In the wake of recent suicides in Ireland, we have seen an unprecedented amount of activity on Facebook after the bully victim has taken their own life. RIP Facebook Memorial Pages are souvenirs for people who either know the victim well or have not met the deceased but are compassionate to the surroundings of the case.
Do People latch onto the tragedy?
But is it more to do with the situation or the person who passed? For the people that have no idea who the victim was, will comment on how “Heaven took an angel too early” because of their age and maybe less on fact how they would of known them. Its human nature, we don’t need to know the family of a bereaved one to sympathise. We try to extend our kind thoughts and prayers, as we don’t know what else we can do. It has been part of Irish society for decades, maybe centuries and it’s no different now but how we express these emotions are changing. We now have Social Media to increase our reach to more people.
723,400 Irish Youths on Facebook under 18
Facebook being the most popular of social media platforms with 723,400 Irish youths between age of 13 and 18 is where we are expressing these thoughts now. That does not include the under 13’s as Facebook rules stipulate no membership for under 13’s. But that does not hinder children to get on the site, they will add a few years maybe more to their real age to get logged on. All too much thoughts are often expressed and people’s opinions become a catalyst for a debate.
Facebook RIP Pages
Over the past few months, I have come across YouTube and Facebook pages dedicated to people who passed away from taking their own lives. The bulk of the messages on these sites are expressing concerns over the tragedy, whilst other people are just being curious to what happened, by asking lots of details of the death. With this, people also have the ability to put their 10 pence worth in. On one such Facebook page, comments such as “Online Hoe” were describe about the person who died.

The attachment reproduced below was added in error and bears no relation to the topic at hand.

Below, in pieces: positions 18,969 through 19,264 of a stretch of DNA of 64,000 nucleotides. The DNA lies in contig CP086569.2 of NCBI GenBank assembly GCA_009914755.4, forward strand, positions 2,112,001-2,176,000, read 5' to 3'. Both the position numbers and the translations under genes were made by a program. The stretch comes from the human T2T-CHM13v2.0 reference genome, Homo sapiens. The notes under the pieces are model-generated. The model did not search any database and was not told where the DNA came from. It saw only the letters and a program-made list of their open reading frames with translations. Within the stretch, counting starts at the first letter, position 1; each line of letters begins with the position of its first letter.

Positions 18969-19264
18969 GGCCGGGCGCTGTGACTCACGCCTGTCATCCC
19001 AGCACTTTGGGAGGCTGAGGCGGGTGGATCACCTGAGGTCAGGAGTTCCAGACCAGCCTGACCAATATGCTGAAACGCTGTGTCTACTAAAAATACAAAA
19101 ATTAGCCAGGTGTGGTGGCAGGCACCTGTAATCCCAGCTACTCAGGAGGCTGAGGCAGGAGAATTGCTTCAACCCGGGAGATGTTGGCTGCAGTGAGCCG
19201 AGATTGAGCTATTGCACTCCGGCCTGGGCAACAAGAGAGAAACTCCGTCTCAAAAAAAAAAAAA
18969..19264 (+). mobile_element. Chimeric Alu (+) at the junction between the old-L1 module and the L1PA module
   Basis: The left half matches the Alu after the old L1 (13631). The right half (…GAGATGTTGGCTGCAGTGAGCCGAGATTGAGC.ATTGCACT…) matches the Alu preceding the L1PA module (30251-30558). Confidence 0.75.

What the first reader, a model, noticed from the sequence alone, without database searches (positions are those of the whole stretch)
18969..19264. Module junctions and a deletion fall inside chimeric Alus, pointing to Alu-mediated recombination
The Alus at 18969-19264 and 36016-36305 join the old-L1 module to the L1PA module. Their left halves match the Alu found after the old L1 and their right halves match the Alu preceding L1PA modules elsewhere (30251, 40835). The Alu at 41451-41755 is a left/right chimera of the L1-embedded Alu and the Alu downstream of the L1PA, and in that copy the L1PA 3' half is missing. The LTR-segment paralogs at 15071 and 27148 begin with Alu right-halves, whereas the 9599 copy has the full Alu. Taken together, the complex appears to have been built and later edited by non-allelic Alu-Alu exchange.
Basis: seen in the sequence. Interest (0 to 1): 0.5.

Also, comments that would personally attack victims “I couldn’t dislike her ugly face ..:3” These people are not comforting with others when putting up these comments. They are looking for attention maybe out of an already delicate tragedy.
Even more recently a young male put on a message on an RIP that he would not grieve over another suicide if it was similar to Amanda Todd’s “Amanda todd killed herself over flashing her tits, so eh, I’m not gonna mourn someone who doesn’t deserve it”. These type of comments were fuel for another Cyber Bullying attack. More and more people will retaliate with their opinions that are often vicious in their sentiment.
Ireland had 527 recorded suicides in 2011
It’s ironic that the people maybe commenting on someone who passed away by the tormenting of cyber-bullying, yet they begin a new session on the same spot. Almost like Irish society again, “Of the 527 recorded suicides in Ireland last year 75 -80% had alcohol as the main agent….yet the first place we go from the churchyard is to the pub to celebrate the life and times of our dearly departed friend….maybe it’s just me but I believe we are missing the point!!”- Martin Mc Fadden – Counsellor & manager of Friends of Bill W Donegal Town.
Exactly a good point, we go to the place where maybe been an agent of why someone took their lives. What do you think about these pages? I asked some people that question and these are comments I got
Comments from the public
“young people get very emotional…follow the pack type thing……i have seen a lot of anger on these pages too….more bullying in a a way????????/”- Mary Mc Gowan, Parent
“There is no Facebook in heaven and about time a lot of people realised that!”- Anoyomous
“Think that it just depends. If the family get comfort from the messages then I think it could be a positive thing to help the grieving process, everyone is different I suppose” – Tracey Catherine Hurst, Parent
“Another example of how distasteful society has become. . . Ppl are becoming emotionally stunted bc they are losing all real communication skills bc they can only “speak” online !!!!”– Trasa, Professional
“They often prolong the grieving process for many friends and family. Grieving, if possible, should be done in a private, personal environment within the support networks of family and close friends.” –Simon C, Student
“People have the best intentions but if they really wanted to pay respects to the family they should do it privately.” – Anon, Student
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